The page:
The moniker fits. Smylie Kaufman (actual first name: Carter) is one happy guy. Hey, If you were 24, with a Tour win and a bright future, you'd be grinning ear to ear, too.
You're known as Smylie. Does anyone ever call you by your real name—Carter?
Some of my buddies back home still do. Most people call me Smylie, though.
When did you start going by that name?
My mom got confused between my brother, Connor, and me, Carter, so she went with Smylie and Luckie—our middle names.
You made a big splash when you played with Jordan Spieth in the final group on Masters Sunday, but it was your win in Las Vegas last fall that got you to Augusta.
Winning [the Shriners Hospitals for Children Open] was one of those days where everything clicked, a day that changed my life. It opened a lot of doors and gave me the chance to play in big events, to showcase my talents. It was a dream come true.
You shot a sizzling 61 in the last round to win, with a 29 on the back. How locked in were you that day?
I felt really prepared for that situation. My prep that whole week was really good. On the back nine, it was like I'd been there before. I knew exactly what to do [to win]. I felt I needed a good number going into the back nine to get some momentum, and I just played awesome on the back.
On Sunday at Augusta, Spieth's meltdown made big news, but you had a tough day, too. You shot 81 to finish 29th. What did you take away from that experience?
How much patience you have to have on Sundays at majors. Patience is just so important. And you really have to lock in and focus.
ONE THING I KNOW FOR SURE: WINNING ON TOUR TAKES PREP
The Web.com Tour taught me how to travel, to prepare, to make a cut, to handle rounds that were not going well. At 21, 22, I don't think I was quite ready to handle those emotions. A year on the Web.com matured me, made me smarter, and helped me not get ahead of myself. That mindset helped me [win in Las Vegas]. I was able to stay in every moment and commit to every shot I hit.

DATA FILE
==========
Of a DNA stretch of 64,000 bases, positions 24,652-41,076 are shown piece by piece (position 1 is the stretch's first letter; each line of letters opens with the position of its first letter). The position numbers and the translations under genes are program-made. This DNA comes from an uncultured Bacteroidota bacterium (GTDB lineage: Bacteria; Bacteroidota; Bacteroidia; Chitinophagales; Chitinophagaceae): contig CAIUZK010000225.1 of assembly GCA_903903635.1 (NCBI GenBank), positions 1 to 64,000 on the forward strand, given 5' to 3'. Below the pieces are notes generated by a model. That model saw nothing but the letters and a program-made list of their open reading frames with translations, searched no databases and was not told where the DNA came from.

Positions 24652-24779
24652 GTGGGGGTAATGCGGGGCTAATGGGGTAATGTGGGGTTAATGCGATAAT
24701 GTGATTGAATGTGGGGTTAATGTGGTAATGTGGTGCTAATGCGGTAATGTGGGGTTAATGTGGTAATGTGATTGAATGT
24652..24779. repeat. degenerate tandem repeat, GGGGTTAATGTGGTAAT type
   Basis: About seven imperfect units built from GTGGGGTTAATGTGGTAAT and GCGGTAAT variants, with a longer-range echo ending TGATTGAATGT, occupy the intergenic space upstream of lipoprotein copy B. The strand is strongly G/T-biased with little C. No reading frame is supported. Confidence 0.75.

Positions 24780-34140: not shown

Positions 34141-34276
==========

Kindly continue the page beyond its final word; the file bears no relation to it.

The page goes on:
After the Masters, you went on spring break to the Bahamas with Justin Thomas, Rickie Fowler and Spieth. In a lighthearted tweet, Justin Thomas named you the MVP of the trip, meaning that you were the most fun to hang with. Did you feel honored?
[Laughs] No, I think I already knew that I had earned the award. It's not about awards, though. I just try to bring as much energy every day as possible. Wherever that put me at the end of the week with an MVP trophy, so be it.
The four of you shared a lot of photos via Snapchat. You have a marketing degree from LSU. Is Snapchat a communication tool for you, or just a way to have fun?
I think it's a way for people to get a little view of your life. I don't like to disclose a whole lot. I tried to see everybody's Snapchats, but it can get so overwhelming. I just got to where they could see my story, my posts, so that I could monitor it. It's a lot of fun.
Who are the biggest fans of Snapchat on Tour?
There's not a lot of them. It's really just me, Rickie and Justin.
Is there a group of fans who have a lot of interest in your leisure time?
I think so. And it's a market that, if you get into it early enough and if enough people start to follow you, is a great way to connect with fans and grow your brand a little bit.
In the Butler Cabin at the Masters, you told Jim Nantz that you were still driving an old Nissan. That prompted the car maker to give you a brand-new SUV. How's your new set of wheels treating you?
It's a good car. It's pure. It's got all the bells and whistles. It was cool for them to do that. Some buddies joked, "You should've told them you had a beat-up old Porsche!"
At the Masters, you said you still lived with your mom and dad. You've since moved out. What's it like living on your own?
It's good. I got a new house. I wish I was there watching it progress, but my mom's doing a lot of that. It'll be fun to go to my own home now instead of my parent's house.
What's the best feature about the new house?
The back porch. It's got this huge projector out there, and the outdoor furniture is just so sick. It's a good setup.
Back to your LSU allegience: Do you have a prediction for this year's football team?
You have to set the ceiling at a national championship and go from there. It's a make-or-break season, at least for [head coach] Les Miles. This is his best team. This is the year everyone's been looking to for a couple of years.